Gaming regulators approve buyout of Multimedia Games by Global Cash Access

The $1.2 billion buyout of slot machine maker Multimedia Games by Global Cash Access was approved Thursday by the Nevada Gaming, which allowed the transaction to clear its final regulatory hurdle.

Global Cash Access provides casinos with ATMs, point-of-sale and debit-card transactions and offers slot-machine ticket redemption and jackpot kiosks. The company processes about 90 million transactions annually, dispensing more than $19 billion in cash.

The purchase of a slot machine maker allows Global Cash Access to expand beyond its current business model and provide different product lines to its casino customers. Global Cash CEO Ram Chary said the merger would also open more paths for Multimedia Games to enter new jurisdictions.

Chary said the Global Cash corporate headquarters would remain in Las Vegas. Game design and manufacturing will remain in Austin. He said very few job reductions would happen because of the merger, which is expected to provide $35 million in annual cost savings.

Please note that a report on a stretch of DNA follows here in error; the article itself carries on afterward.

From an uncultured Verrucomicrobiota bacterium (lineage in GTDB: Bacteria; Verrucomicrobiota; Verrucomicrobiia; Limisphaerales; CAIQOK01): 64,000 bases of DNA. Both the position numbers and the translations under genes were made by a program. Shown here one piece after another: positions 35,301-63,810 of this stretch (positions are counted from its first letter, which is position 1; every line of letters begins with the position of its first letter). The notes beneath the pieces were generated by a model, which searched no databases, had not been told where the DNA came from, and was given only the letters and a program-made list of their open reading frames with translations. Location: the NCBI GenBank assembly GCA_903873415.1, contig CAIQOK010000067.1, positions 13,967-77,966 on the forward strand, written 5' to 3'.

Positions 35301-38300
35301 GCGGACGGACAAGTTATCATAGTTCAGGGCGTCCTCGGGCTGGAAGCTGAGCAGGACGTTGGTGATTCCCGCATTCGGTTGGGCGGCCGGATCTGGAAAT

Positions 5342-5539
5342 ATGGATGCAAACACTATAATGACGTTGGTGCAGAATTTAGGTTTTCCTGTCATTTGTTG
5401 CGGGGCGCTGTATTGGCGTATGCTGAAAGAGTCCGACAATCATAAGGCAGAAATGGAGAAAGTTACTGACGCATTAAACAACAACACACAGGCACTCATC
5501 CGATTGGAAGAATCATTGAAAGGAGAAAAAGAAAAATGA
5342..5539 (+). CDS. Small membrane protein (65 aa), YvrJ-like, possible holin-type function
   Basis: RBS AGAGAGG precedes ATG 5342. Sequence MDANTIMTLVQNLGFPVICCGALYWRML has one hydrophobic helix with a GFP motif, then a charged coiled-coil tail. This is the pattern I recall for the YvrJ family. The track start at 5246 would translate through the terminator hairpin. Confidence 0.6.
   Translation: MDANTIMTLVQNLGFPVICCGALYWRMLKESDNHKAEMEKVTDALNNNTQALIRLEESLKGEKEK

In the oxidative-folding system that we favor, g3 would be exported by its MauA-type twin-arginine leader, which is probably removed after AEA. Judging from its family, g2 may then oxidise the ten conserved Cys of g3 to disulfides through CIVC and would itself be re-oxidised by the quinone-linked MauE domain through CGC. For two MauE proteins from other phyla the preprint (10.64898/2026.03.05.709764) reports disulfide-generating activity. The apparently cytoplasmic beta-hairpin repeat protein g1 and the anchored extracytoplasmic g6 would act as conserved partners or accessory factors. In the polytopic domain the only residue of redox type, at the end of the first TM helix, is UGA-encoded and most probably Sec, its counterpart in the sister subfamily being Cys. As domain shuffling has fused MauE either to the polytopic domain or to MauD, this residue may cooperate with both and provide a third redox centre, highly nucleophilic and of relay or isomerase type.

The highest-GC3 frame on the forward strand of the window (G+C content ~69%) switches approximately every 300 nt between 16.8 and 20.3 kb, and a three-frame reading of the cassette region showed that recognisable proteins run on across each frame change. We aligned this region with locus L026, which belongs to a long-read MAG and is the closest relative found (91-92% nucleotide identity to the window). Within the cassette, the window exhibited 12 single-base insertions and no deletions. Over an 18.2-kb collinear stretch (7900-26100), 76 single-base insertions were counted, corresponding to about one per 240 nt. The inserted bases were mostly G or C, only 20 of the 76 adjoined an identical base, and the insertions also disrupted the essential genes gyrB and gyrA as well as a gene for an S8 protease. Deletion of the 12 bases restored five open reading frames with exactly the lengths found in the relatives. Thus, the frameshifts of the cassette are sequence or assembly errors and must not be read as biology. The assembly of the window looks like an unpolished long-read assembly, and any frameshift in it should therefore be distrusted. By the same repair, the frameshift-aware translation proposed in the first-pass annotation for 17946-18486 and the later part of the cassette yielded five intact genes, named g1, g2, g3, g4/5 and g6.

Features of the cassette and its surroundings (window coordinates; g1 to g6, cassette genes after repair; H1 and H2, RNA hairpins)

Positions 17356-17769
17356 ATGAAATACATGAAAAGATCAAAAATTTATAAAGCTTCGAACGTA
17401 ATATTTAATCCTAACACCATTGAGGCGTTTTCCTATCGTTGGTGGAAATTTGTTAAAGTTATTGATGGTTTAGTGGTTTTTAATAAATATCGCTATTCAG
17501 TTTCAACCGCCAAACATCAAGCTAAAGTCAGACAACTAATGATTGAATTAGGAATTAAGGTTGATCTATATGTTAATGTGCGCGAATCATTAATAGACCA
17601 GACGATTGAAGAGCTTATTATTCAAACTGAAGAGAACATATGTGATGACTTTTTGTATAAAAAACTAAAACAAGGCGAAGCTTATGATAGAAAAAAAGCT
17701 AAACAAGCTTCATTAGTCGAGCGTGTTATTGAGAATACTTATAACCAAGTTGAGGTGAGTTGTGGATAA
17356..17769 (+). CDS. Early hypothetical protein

Global Cash Access has more than 300 gaming licenses worldwide, a figure similar to slot machine giants Bally Technologies and International Game Technology. Multimedia Games has fewer than 100 licenses and was itself licensed in Nevada in late 2012.

Multimedia Games stockholders, who will receive $36.50 per share in cash from Global Cash Access, approved the deal on earlier this month. The price is a 31 percent premium to the company’s Sept. 5 closing price.

The slot machine maker, headquartered in Austin, Texas, with a sales and marketing office in Las Vegas, is considered one of the gaming industry’s top turnaround stories of the past few years. The company was close to being shut down in 2010, but refocused and expanded across the U.S. Multimedia Games stock price is now 10 times what it was in 2010.

Multimedia Games took casino floor space away from the big companies — IGT, Bally, WMS — while its share price increased. Multimedia Games this year spent $13 million for PokerTek, an electronic table game company.

Wall Street analysts pegged the company as a takeover target following this summer’s two major merger announcements.

Last month, lottery giant Scientific Games Corp. completed its $5.1 billion buyout of Bally Technologies. Italy-based lottery company GTECH Holdings expects to complete its $6.4 billion merger with slot machine maker International Game Technology early next year.

Contact reporter Howard Stutz at or 702-477-3871. Find him on Twitter: @howardstutz on Twitter.

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